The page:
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Thanks for Turkeys

Editorials are funny. More often than not, I'll have a title before I have an actual concept. Sometimes these easily flow into a stream of thought that's applicable, while at other times, the title will jump out at me and absolutely perplex me. This month I knew the title, but couldn't imagine what it could be about, until I spent a little time thinking.

Don't get me wrong, trying to come up with a pun about turkeys for Thanksgiving doesn't take any great wit, but, for me, this editorial was about something much deeper than a pun. Then I started to really think about it and to think about the history of MFM. That's when the title made sense.

You see, it all started with a turkey.

As long time readers of this magazine know, my first film was an overly-long comedy called, Commissioned. It was my pride and joy and I spent nearly two years in pre-production, production, and post on the film, only to discover that my baby, by all intents and purpose, was a turkey. The first thing that was wrong with it was that we hadn't understood a single thing about audio when we went into production, which meant that watching this film was likely to give you a sonic-induced migraine. (We would later spend almost a year doing ADR on the film, only to find that one of the crucial characters in the film refused to do their voicework and their voice turned out to be impossible to believably replicate. But that is another story!) Even without the audio issues and a number of lighting issues, the film's plot was excessively pedantic and did not properly grasp that good films do not replicate life verbatim. (Life, by its very nature, is long-winded, ungainly, and makes the most sense only at the end of a lifespan, not 90 minutes!) If this weren't bad enough, it was plagued by acting issues because the filmmaker believed that the best actors are people with no acting experience. Oh, and did I mention that this director felt that he should star in his masterpiece? Combine all of this with the fact that it was a comedy that was nearly two hours in length and saying it was a turkey was putting it mildly!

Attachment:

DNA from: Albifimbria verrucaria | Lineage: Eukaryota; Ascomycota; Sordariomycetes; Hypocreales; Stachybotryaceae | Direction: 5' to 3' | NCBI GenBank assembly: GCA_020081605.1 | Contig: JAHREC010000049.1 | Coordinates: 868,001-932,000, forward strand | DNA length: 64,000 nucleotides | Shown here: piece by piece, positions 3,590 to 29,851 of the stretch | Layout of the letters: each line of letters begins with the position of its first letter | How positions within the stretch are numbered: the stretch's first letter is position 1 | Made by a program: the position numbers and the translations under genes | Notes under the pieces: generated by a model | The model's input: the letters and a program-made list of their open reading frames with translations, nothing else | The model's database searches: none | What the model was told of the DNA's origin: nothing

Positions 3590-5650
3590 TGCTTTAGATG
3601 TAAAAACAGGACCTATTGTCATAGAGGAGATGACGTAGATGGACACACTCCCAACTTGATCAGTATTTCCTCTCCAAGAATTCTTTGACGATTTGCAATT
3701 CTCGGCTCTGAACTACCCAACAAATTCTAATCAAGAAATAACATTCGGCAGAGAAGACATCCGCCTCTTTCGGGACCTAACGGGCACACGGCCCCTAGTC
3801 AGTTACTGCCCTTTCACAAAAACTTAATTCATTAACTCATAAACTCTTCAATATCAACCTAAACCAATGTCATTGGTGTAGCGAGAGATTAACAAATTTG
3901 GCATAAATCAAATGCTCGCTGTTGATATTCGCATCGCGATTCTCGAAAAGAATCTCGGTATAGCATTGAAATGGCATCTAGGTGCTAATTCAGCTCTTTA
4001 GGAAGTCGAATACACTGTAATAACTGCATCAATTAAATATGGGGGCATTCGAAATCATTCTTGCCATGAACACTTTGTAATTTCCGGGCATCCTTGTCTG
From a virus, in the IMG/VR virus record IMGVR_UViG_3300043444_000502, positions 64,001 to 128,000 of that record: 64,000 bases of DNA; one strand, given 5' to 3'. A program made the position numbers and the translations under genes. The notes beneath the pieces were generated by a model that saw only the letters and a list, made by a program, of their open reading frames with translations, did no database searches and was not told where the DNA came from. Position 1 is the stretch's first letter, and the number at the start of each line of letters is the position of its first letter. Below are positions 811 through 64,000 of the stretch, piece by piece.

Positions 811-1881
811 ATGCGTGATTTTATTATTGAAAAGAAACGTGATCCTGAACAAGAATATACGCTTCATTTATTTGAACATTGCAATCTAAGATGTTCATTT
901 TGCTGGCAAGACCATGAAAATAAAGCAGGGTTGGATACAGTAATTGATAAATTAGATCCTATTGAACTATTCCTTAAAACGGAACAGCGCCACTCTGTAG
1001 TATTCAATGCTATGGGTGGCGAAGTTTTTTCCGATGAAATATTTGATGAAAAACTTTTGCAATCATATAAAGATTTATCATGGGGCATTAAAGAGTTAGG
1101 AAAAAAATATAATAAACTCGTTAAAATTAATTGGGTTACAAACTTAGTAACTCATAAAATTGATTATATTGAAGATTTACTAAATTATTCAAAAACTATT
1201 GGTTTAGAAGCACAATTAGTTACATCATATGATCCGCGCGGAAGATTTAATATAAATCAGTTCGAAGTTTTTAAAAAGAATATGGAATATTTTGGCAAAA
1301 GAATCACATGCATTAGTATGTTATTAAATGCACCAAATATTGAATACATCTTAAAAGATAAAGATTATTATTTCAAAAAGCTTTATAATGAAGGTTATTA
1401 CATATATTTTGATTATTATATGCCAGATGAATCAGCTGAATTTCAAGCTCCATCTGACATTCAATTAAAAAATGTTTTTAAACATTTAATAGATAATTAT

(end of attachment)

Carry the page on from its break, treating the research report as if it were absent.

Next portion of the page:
However, because of this turkey, I ended up delving deeply into the world of no-budget filmmaking, learning how to overcome each one of the issues I had blundered into before. And, after a lot of soul searching, I decided to pass on the information I discovered along the way to other filmmakers. That became the impetus for starting MicroFilmmaker Magazine, so that other low-budget filmmakers could learn from our early mistakes and our later successes. It was started with four filmmaking writers and an average readership of a few hundred people. Now, four years later, we have nearly twenty regularly contributing writers and an average of 50,000 filmmakers come here every month from all over the globe, finding out tricks and tips on the no-budget craft, learning from the films we critique, and gaining insight on the software, equipment, and books we review. We've individually helped hundreds of filmmakers and had a number of them credit our involvement in them gaining distribution.

So, as I think back on how far things have come and how it all started, I believe that the motto, “Thanks for Turkeys,” is indeed appropriate!

Happy Thanksgiving and God Bless,

Jeremy Hanke
Microfilmmaker Magazine

JeremyHankePicture The director of two feature length films and half a dozen short films, Jeremy Hanke founded Microfilmmaker Magazine to help all no-budget filmmakers make better films. His first book on low-budget special effects techniques, GreenScreen Made Easy, (which he co-wrote with Michele Yamazaki) was released by MWP to very favorable reviews. He's curently working on the sci-fi film franchise, World of Depleted through Depleted: Day 419 and the feature film, Depleted.

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